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Dimitry K., Esq.
Dimitry K., Esq., Attorney
Category: Legal
Satisfied Customers: 37878
Experience:  Multiple jurisdictions, specialize in business/contract disputes, estate creation and administration.
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My husband passed away 9/22/2013; there was no will. His daughter

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My husband passed away 9/22/2013; there was no will. His daughter is now wanting to get together to go over what she is allowed get of the estate. The house was in both of our names, so thankfully the house is mine. The only two problems are his bank accounts; one with Wells Fargo bank and the other SunTrust bank. I was named beneficary with both accounts. The only other property that was soley in his name only was a 1999 GMC Yukon. I put that in my name with DMV with a death certificate. I bought a new car, and used the Yukon as the down payment. I personally sold my 1994 Chevy Silverado truck, which was in my name that is going toward the first payment. Is she entitled to anything? My husband also has a mentally challenged son. I am planning on taking care of him through a will that am will be putting is the very near future, once this mess is cleared up. Thank you.
Submitted: 10 months ago.
Category: Legal
Expert:  Dimitry K., Esq. replied 10 months ago.
Thank you for your question and thank you most kindly for requesting me to assist you this afternoon. I look forward to trying to assist you with your concerns.

Under Virginia law, specifically section 64.1-1 (which I provided below), if the daughter and the mentally challenged son are also your biological children, then you are entitled to everything upon passing. If the children are biologically his but not yours, they are entitled to 2/3 of whatever is NOT listed directly to you. Hence, they would be entitled to 2/3 of the value of the vehicle that you traded in, or any other personal property under which you were not personally listed as a beneficiary. You would be entitled to the remaining 1/3.

Here is the law below:



64.1-1. Course of descents generally.
When any person having title to any real estate of inheritance shall die intestate as to such estate, it shall descend and pass in parcenary to such of his kindred, male and female, in the following course:
First. To the surviving spouse of the intestate, unless the intestate is survived by children or their descendants, one or more of whom are not children or their descendants of the surviving spouse, in which case two-thirds of such estate shall pass to all the intestate's children and their descendants and the remaining one-third of such estate shall pass to the intestate's surviving spouse.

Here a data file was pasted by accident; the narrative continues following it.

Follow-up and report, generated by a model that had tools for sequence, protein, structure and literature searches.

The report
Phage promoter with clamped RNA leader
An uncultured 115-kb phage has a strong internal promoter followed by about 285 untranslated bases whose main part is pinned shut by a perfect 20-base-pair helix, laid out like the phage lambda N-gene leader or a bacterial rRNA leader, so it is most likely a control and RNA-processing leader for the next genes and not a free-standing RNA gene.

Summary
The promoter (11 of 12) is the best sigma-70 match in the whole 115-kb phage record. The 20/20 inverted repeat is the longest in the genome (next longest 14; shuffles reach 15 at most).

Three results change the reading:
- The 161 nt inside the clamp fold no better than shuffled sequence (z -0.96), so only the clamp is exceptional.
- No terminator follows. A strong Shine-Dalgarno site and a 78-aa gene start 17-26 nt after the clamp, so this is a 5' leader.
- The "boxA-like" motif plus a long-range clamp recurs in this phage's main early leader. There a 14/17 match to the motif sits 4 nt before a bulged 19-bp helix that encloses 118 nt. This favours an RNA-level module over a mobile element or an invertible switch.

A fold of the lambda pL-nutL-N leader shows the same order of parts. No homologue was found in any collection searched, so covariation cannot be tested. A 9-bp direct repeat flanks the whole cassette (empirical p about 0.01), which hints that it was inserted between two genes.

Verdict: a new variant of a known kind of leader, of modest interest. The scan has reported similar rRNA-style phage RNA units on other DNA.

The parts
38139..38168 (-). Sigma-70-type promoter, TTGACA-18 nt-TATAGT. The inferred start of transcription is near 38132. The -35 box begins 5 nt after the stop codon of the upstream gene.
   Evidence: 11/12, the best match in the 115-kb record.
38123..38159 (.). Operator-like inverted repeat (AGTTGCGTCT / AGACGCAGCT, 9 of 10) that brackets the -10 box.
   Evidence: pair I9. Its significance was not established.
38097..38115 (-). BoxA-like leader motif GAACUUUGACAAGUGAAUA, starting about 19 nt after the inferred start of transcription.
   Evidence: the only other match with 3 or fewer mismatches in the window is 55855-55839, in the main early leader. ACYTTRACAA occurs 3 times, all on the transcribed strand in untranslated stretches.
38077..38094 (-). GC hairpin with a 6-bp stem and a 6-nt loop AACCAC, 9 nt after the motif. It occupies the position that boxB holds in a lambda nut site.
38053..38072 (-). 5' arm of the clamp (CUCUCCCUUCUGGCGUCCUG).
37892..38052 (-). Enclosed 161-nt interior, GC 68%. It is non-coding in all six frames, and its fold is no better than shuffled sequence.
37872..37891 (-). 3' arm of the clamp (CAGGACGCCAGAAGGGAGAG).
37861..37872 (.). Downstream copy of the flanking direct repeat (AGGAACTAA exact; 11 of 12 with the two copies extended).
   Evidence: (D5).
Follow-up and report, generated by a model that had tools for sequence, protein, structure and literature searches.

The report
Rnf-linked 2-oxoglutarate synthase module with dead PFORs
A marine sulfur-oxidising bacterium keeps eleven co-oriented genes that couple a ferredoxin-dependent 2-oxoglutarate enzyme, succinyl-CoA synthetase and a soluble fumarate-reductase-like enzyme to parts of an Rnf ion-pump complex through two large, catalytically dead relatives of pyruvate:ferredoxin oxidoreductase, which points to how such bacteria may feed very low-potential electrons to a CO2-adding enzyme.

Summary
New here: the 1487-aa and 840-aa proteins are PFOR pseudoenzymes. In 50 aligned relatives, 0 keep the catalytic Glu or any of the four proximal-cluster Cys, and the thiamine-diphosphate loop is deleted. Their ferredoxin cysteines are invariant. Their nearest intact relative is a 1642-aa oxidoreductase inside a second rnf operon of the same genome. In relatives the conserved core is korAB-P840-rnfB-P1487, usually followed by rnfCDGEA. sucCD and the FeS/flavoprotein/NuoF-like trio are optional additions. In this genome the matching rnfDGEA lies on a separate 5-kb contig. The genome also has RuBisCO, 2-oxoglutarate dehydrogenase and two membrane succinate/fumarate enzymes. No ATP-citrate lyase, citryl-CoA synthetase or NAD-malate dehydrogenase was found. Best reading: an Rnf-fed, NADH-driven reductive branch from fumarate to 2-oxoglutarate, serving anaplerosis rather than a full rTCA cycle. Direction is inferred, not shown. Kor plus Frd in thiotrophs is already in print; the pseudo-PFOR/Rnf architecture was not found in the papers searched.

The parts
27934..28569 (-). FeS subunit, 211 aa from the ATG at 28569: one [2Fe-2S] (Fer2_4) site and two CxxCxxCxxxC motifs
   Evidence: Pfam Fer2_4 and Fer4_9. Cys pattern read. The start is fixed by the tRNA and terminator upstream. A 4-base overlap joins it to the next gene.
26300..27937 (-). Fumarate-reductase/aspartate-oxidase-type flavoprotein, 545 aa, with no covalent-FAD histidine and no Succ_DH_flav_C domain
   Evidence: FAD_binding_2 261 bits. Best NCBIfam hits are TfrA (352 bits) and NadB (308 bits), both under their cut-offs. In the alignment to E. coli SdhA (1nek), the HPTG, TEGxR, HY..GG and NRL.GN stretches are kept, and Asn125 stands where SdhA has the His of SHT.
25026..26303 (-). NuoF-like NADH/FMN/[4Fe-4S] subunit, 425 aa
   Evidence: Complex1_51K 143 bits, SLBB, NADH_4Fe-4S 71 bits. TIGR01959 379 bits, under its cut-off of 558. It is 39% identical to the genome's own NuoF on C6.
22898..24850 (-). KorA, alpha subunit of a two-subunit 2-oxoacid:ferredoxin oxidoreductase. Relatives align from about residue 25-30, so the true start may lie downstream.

Second. If there be no surviving spouse, then the whole shall go to all the intestate's children and their descendants.
Third. If there be none such, then to his or her father and mother or the survivor.
Fourth. If there be none such, then to his or her brothers and sisters, and their descendants.
Fifth. If there be none such, then one moiety shall go to the paternal, the other to the maternal kindred, of the intestate, in the following course:
Sixth. First to the grandfather and grandmother or the survivor.
Seventh. If there be none, then to the uncles and aunts, and their descendants.
Eighth. If there be none such, then to the great grandfathers or great grandfather, and great grandmothers or great grandmother.
Ninth. If there be none, then to the brothers and sisters of the grandfathers and grandmothers, and their descendants.
Tenth. And so on, in other cases, without end, passing to the nearest lineal ancestors, and the descendants of such ancestors.
Eleventh. If there be no paternal kindred the whole shall go to the maternal kindred; and if there be no maternal kindred, the whole shall go to the paternal kindred. If there be neither maternal nor paternal kindred, the whole shall go to the kindred of the husband or wife, in the like course as if such husband or wife had died entitled to the estate.
(Code 1950, 64-1; 1956, c. 109; 1968, c. 656; 1977, c. 474; 1982, c. 304; 1985, c. 189; 1990, c. 831.)
Customer: replied 10 months ago.


So in other words because am the beneficiary of both bank accounts they do not fall under the 2/3 law. They are my step-children.

Expert:  Dimitry K., Esq. replied 10 months ago.

Lola, Thank you for your follow-up.

 

That is correct, anything under the beneficiary exception goes to you automatically as it is considered to be outside probate. But anything not listed, such as vehicles purely under his own name, are considered to be part of his estate and would need to be split between you and your step-children, essentially giving each of you a 1/3 of the assets.

 

Hope that helps.

Dimitry K., Esq., Attorney
Category: Legal
Satisfied Customers: 37878
Experience: Multiple jurisdictions, specialize in business/contract disputes, estate creation and administration.
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